Scientists Pinpoint Which Kids With Heart Muscle Disease Are in Most Danger
WEDNESDAY, Sept. 4 -- New research has identified key risk factors that predict which children with a potentially fatal heart muscle disease will face the greatest risk of death or need for a heart transplant.
The findings could help doctors figure out which patients with hypertrophic cardiomyopathy will benefit most from transplant surgery.
"If we knew who was in the gravest danger from this condition, we could evaluate them for early listing for heart transplant and follow them more closely," study leader Steven Lipshultz, director of the Batchelor Children's Research Institute at the University of Miami Miller School of Medicine, said in a news release.
Hypertrophic cardiomyopathy is a condition that causes the heart muscle to thicken, which affects the ability of the heat to function properly. People with this condition are at risk for heart failure and sudden death.
In the study, which was to be presented Tuesday at the 2013 European Respiratory Society Annual Congress and published simultaneously in the journal The Lancet, researchers examined clinical and demographic information of nearly 1,100 children diagnosed with the condition at 98 medical centers in the United States and Canada over the course of 19 years. They found children with inherited metabolic diseases or hypertrophic cardiomyopathy who are also affected by other cardiomyopathy phenotypes have a worse outlook.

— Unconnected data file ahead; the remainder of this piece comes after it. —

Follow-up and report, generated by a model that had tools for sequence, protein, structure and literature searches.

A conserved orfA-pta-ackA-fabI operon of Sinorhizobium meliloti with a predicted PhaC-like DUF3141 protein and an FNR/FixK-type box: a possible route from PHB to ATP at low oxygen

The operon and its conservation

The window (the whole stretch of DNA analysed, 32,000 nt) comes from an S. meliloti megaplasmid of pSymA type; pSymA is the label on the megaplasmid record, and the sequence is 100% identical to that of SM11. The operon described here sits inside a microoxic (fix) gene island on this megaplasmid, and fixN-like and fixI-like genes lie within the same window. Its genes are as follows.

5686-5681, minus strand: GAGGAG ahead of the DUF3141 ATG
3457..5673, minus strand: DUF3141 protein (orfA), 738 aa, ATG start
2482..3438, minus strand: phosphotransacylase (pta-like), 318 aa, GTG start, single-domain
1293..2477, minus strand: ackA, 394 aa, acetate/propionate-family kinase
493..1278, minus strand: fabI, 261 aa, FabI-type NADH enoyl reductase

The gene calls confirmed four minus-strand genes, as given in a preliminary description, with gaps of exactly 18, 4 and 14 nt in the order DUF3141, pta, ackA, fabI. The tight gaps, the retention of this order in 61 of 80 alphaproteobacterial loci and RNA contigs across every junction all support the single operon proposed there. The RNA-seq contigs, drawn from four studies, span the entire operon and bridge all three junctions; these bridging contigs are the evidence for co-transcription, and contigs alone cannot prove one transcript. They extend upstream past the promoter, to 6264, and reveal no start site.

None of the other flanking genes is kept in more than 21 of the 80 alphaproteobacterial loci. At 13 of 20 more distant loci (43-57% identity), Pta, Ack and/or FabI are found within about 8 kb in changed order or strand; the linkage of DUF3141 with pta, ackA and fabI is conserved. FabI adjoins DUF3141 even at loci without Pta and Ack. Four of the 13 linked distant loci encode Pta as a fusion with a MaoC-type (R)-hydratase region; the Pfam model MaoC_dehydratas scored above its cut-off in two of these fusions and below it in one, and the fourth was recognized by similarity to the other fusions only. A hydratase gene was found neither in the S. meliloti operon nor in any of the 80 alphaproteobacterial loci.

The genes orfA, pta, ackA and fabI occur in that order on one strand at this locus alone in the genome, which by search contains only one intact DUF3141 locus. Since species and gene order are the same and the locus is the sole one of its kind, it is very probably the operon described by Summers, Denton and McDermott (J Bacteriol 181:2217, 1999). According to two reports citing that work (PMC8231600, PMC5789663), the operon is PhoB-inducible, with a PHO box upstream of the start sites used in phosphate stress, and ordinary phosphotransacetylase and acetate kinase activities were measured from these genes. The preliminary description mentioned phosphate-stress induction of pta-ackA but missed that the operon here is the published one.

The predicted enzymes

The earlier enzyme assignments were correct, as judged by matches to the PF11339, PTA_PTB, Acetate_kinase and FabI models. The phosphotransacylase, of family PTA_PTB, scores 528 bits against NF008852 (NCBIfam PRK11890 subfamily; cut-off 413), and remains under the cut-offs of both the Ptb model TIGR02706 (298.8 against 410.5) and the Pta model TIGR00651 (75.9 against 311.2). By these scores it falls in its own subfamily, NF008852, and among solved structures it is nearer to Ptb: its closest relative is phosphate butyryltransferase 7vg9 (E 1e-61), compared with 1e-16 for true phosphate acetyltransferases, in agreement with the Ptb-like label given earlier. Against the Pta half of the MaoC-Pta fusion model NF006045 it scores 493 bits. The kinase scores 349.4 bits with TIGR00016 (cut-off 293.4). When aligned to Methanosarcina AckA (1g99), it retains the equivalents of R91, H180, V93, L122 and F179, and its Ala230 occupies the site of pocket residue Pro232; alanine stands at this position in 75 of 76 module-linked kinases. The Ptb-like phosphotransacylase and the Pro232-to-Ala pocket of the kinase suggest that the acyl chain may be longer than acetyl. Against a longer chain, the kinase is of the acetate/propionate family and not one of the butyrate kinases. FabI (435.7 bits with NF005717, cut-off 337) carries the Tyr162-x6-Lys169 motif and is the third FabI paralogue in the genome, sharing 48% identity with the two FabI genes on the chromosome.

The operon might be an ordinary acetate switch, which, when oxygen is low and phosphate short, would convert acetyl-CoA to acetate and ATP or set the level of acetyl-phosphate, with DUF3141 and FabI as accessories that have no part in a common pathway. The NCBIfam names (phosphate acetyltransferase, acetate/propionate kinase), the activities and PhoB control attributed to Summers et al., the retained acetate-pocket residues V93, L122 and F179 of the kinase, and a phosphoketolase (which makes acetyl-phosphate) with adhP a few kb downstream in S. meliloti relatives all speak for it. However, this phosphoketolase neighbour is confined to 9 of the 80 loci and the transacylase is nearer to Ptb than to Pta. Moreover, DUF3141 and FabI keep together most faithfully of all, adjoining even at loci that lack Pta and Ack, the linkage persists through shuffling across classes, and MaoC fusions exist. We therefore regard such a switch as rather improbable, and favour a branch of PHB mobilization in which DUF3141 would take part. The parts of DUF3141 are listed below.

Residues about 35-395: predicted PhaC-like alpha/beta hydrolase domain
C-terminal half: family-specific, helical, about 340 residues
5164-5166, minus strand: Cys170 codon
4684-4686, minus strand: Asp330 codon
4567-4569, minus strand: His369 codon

The findings revealed that children who are younger at diagnosis, as well as those who have a lower weight, congestive heart failure and signs of abnormal left ventricle structure or function also are at higher risk of death. The researchers said the risk of death or heart transplant was significantly increased when children had two or more of these risk factors at the time they were diagnosed.
"Now we have identified patient risk factors that can be measured at the time of diagnosis to guide treatment decisions and help newly diagnosed patients and their families have some idea of what to expect from their disease," Lipshultz said. "Not only is the absolute risk of death or heart transplantation significantly higher when multiple risk factors are present, but the risk increases significantly as the number of risk factors increases."
The authors of an accompanying commentary said the findings will be a useful tool for doctors.
"These data should allow early risk stratification and close monitoring, enabling timely and appropriate listing for heart transplantation," Dr. Robert Weintraub, from the Royal Children's Hospital in Melbourne, Australia, and Christopher Semsarian, from the Royal Prince Alfred Hospital, in Sydney. "Identification of long-term outcomes for young patients with hypertrophic cardiomyopathy, including rates of sudden death and the effect of frequently used interventions, should be a focus for future investigation."
The American Heart Association provides more on hypertrophic cardiomyopathy.
Posted: September 2013